Coronavirus: Restrictions at Iraqi checkpoints risking lives of critically ill patients
Iraqi health workers are warning that patients in need of critical medical care are at risk of death as a result of increased restrictions at checkpoints at the border between Iraq's autonomous Kurdish region and the rest of the country.
Following the outbreak of the coronavirus pandemic in early 2020, travel between much of Iraq was heavily restricted, particularly between the areas in northern Iraq controlled by the Kurdistan Regional Government (KRG).
This has left Iraqi patients in need of life-saving treatment unable to travel to better-equipped and resourced hospitals in the KRG.
One doctor who works in northern Iraq told Middle East Eye that at least one person had died while waiting to travel to the city for medical care.
The 55-year old patient - a soldier in the Iraqi army - had been en route to the Kurdish region from his posting at the Iraq-Syria border after his brother had died there.
"He was tired and anxious, he started to suffer from chest pain, then relaxed for a few hours but the pain came again got worse," the doctor said.
A nurse who works between Duhok and the Ninevah region of northern Iraq was with the patient and initially suggested he go to Mosul for treatment.
The patient refused to travel to Mosul, however, as a female relative had been raped and killed in the city while it was under the control of Islamic State.
Eventually - after trying and failing again to pass the Saad al-Mosul checkpoint to enter into the KRG region - they decided to take him to Sinjar province, but he died before they could reach a hospital from a suspected heart attack.
'Exceptions for sick people'
The nurse said another patient of his had almost died last week after he had waited for five days attempting to pass the checkpoint.
That patient had been suffering from a hydatid cyst (a cyst caused by a tapeworm larva) on his lung, and had complained of shortness of breath, nausea, anorexia and other symptoms.
'When he arrived at the checkpoint he was very tired and had only like a 30 or 40 percent of survival'
"When he arrived at the checkpoint he was very tired and had only like a 30 or 40 percent of survival," the nurse told MEE.
While waiting at the checkpoint, the cyst ruptured, putting him in a critical condition.
Eventually, authorisation was acquired from an official in the office of former KRG President Massoud Barzani and the patient was rushed to an emergency hospital in Duhok, where his condition was eventually stabilised.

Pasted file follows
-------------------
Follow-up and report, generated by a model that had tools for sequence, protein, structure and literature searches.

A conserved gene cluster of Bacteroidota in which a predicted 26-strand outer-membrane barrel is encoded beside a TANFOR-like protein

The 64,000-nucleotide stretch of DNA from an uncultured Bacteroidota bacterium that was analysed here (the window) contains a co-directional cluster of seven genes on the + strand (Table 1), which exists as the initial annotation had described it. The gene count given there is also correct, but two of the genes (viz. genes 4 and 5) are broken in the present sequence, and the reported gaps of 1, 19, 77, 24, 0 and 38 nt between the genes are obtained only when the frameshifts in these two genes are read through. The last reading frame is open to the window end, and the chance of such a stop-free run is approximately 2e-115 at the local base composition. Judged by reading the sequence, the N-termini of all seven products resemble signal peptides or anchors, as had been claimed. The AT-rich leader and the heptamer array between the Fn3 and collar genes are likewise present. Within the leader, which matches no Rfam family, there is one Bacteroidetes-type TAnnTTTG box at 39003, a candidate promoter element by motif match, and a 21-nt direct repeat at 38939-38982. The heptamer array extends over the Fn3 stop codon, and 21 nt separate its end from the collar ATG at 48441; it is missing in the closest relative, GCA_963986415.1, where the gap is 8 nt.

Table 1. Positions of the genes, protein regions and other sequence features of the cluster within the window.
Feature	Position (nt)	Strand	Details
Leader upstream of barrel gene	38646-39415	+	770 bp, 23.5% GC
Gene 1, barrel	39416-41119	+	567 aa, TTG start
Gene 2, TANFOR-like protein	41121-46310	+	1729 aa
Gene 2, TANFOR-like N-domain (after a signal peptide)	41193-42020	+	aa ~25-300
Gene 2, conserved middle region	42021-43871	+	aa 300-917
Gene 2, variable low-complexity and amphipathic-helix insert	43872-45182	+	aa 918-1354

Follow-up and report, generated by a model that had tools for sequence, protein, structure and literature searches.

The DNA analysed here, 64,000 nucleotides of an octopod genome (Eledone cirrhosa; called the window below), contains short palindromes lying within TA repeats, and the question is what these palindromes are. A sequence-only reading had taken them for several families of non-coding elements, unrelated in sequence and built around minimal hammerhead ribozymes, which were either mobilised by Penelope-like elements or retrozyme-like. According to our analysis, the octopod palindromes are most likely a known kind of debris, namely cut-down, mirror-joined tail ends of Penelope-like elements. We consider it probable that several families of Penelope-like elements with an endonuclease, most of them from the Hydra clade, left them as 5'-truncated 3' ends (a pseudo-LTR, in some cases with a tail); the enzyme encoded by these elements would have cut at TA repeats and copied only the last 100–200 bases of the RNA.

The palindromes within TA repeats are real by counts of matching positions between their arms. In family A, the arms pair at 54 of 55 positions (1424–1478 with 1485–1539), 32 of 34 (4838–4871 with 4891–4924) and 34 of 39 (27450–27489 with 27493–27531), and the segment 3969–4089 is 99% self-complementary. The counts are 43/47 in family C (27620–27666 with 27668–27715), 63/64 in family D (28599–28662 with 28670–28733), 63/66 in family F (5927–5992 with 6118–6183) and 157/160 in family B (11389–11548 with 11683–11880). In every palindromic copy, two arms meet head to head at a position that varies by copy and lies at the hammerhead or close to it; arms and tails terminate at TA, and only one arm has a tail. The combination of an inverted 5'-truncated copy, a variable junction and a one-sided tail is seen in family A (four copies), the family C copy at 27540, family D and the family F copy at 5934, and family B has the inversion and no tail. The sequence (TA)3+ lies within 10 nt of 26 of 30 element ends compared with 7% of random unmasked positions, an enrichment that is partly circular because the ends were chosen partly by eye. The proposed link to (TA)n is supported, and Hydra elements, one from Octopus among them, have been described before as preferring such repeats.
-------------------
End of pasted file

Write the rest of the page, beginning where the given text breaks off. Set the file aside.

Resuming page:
The nurse said that the patient would need further surgery down the line and was currently on a range of medications.
He added that he was increasingly concerned that patients were being put in danger by the coronavirus restrictions and said there "should be some exceptions for sick people".
"For normal people it's good to apply all the rules that they're doing - but for special cases like this, it’s not good," he said.
The doctor said that there were around 100 to 150 people trying to travel into the Kurdish region who were trapped at the Saad al-Mosul checkpoint.
“The problem is some patients need surgical or medical intervention that we cannot do in Ninevah or Sinjar," he said. "They need to reach Dohuk or Erbil, but they face many problems.”
Last week, Baghdad and the KRG announced measures to loosen lockdown restrictions, despite the country only recently seeing some of the highest rates of infection of the coronavirus so far.
Iraq’s health ministry on Tuesday said it had recorded a further 2,466 cases of Covid-19, as well as 81 deaths.
The KRG's health ministry also registered 256 new coronavirus infections and 10 deaths on Sunday.
Members of the parliamentary committee set up to deal with the pandemic have warned that the loosening of restrictions has come too soon and risks losing any gains that have come from the lockdown.
“The decisions of the High Committee for Health and Safety regarding easing procedures, ending the curfew, opening malls, and airports are unscientific and premature,” Jawad al-Musawi, the head of the parliamentary crisis cell, said on Saturday.
He added that the move was "evidence of the fact that there are no specialists in virology, and epidemiology in the [government] committee, unlike the countries of the region and the world”.
Iraq's fragile healthcare system has struggled to cope with the pandemic.
While the country initially appeared to have kept the virus contained, since May there have been daily record numbers of infections, placing an enormous strain on health workers.
"It's very stressful to work in emergency currently," the nurse told MEE.
"It needs new logistics, and new strategies, and new plans. Because of the panic situation, some patients don't come in to hospital until the late stage of the disease, so this makes the situation much worse, very bad."
Due to concerns about future travel repercussions, none of the health workers wanted their names published. The Iraqi health ministry has also recently told health workers not to speak to the media.